Last month, the band released a live acoustic video of “Drifter” as a submission for this year’s Ann Arbor Summer Festival. Recorded live at Ypsilanti’s Fundamental Sound Co. by Taylor Greenshields and Tim Blackman, the video features Beach Daisy performing alongside cellist Ian Chen.

“We’ve been wanting to do a live video in general, but that’s what pushed it," Steinbacher said. "I ended up rearranging a lot of things, and we did it in less than a week. Taylor and Tim were super cool about squeezing in the editing."

The EP climaxes in the powerful closer, “Something More,” which chronicles an excruciating lifelong journey to overcome pain and isolation with Moorhaus singing, “Open your eyes for another day, the world chases us around, and no one can get away / We got our drugs and drinks and TV, and it all feels right / Just looking forward to the afterlife.”

“It starts off with those same kinds of feelings of being bogged down with life and being lonely," Moorhaus said, "but then there’s the second half of the song with a response of ‘I’m not gonna give up’ and that search for meaning that drives you and makes you want to go on."

Five years ago, Beach Daisy started as an Ann Arbor indie-folk duo featuring Moorhaus and Steinbacher. They met while attending Eastern Michigan University and discovered a mutual love of songwriting. After performing in coffeehouses and other local venues, Beach Daisy evolved into a full band with Sams and Walsh.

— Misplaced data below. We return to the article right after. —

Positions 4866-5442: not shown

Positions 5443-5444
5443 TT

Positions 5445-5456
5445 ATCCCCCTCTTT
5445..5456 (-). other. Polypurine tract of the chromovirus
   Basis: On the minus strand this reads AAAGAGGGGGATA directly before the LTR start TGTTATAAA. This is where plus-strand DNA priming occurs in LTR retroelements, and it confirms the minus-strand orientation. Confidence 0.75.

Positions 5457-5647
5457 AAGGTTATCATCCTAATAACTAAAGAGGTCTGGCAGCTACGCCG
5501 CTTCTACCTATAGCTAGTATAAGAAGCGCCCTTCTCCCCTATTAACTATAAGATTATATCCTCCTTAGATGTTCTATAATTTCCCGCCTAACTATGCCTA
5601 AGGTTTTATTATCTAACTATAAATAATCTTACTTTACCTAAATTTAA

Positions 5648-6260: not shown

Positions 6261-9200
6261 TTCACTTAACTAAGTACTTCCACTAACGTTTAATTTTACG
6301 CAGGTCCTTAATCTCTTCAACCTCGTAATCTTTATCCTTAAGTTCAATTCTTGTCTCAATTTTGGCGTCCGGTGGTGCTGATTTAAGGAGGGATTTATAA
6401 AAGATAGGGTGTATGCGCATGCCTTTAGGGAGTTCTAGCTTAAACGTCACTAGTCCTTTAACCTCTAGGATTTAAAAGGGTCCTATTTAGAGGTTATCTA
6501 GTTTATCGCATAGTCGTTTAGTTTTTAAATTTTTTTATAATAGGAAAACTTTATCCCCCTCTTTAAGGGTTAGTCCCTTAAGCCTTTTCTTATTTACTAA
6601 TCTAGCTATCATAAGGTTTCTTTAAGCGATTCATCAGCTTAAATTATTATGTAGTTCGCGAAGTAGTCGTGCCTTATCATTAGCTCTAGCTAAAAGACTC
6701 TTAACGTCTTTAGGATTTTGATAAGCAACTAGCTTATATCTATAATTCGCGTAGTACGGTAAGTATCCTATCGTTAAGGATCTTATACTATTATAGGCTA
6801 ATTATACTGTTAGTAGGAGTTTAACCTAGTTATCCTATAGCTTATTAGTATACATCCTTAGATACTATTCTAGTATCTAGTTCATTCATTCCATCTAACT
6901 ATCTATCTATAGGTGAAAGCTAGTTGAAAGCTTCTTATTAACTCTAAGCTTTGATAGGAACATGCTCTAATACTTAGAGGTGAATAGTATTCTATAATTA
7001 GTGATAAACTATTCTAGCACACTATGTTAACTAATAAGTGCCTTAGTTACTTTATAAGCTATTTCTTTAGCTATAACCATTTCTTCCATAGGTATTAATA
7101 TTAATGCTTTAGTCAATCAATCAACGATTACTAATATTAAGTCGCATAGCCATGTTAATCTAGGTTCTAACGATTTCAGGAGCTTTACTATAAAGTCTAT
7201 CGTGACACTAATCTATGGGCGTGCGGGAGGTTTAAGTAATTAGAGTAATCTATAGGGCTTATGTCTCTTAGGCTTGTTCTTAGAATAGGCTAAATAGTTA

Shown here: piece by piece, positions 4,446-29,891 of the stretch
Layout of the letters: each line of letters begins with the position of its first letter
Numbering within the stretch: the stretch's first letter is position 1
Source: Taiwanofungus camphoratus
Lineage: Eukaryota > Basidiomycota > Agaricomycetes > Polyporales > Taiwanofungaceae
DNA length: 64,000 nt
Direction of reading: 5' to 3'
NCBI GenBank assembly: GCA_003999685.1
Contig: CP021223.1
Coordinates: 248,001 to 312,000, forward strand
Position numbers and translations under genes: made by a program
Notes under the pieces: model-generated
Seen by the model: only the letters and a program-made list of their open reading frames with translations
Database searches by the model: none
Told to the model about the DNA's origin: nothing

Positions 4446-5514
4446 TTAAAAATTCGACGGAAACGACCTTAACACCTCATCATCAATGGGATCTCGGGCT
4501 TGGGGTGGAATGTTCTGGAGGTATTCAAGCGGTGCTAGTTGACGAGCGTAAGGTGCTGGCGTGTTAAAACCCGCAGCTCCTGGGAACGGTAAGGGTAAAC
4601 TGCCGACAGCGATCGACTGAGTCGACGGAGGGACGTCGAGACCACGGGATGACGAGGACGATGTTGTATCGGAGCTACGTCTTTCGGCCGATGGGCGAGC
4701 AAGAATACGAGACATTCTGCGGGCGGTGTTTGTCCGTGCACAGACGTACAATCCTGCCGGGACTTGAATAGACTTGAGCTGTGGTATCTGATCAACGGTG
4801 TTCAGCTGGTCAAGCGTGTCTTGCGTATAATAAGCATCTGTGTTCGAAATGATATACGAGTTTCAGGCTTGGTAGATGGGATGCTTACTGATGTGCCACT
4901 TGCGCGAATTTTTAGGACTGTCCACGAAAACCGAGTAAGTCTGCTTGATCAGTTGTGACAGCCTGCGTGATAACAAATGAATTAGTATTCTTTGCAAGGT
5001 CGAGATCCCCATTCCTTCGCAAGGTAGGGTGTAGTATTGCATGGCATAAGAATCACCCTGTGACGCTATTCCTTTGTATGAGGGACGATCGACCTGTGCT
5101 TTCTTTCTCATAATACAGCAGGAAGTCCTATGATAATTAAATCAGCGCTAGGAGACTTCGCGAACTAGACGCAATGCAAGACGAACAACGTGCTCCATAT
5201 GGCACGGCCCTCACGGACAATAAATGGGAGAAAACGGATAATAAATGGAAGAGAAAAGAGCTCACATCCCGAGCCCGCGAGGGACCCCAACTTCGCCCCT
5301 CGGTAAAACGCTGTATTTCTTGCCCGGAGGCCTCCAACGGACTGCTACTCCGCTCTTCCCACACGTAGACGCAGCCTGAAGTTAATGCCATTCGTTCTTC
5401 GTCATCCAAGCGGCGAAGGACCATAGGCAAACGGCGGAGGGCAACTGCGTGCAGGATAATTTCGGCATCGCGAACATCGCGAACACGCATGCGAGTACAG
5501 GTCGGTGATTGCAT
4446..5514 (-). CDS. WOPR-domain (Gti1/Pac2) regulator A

With a full lineup intact, the band fused pop, rock, and folk influences to form a style filled with rich harmonies and introspective lyrics. In 2018, Beach Daisy released its striking, uptempo debut single, “Tricky Tricky Tricks,” followed by the indie folk-rocker, “Sell My Soul,” a year later. The band teamed up with Jake Rye of Social Recording Company to record its debut tracks as well as Something They Can’t Take Away.

“I really wanted to get music on the internet," Steinbacher said. "That was a huge goal of mine, and then when we found Jake Rye of Social Recording through Michigander. ‘Tricky Tricky Tricks’ was the first song we did with him and we felt super proud of it."

Beach Daisy also has grown significantly on the live music scene in Ann Arbor, Ypsilanti, and Detroit. The group has performed at Conor O’Neills, the Maidstone Theatre, West Cross Station, and PJ Lager’s House as well as the Ann Arbor Art Fair and Chelsea Sounds & Sights. Beach Daisy is now writing new material and curating an upcoming Ann Arbor-based live performance with other local artists.

“We’ve been thinking a lot about what direction we want to go in and experimenting a little bit. I’ve been trying to branch out with my synth parts and be a little more creative with that,” Steinbacher said. “I wanna record a collection of singles and then release them, not all together necessarily, maybe like once a month. We’re trying to develop a vision for that with some of the new stuff we’re writing.”

Lori Stratton is an Ann Arbor-based writer and editor of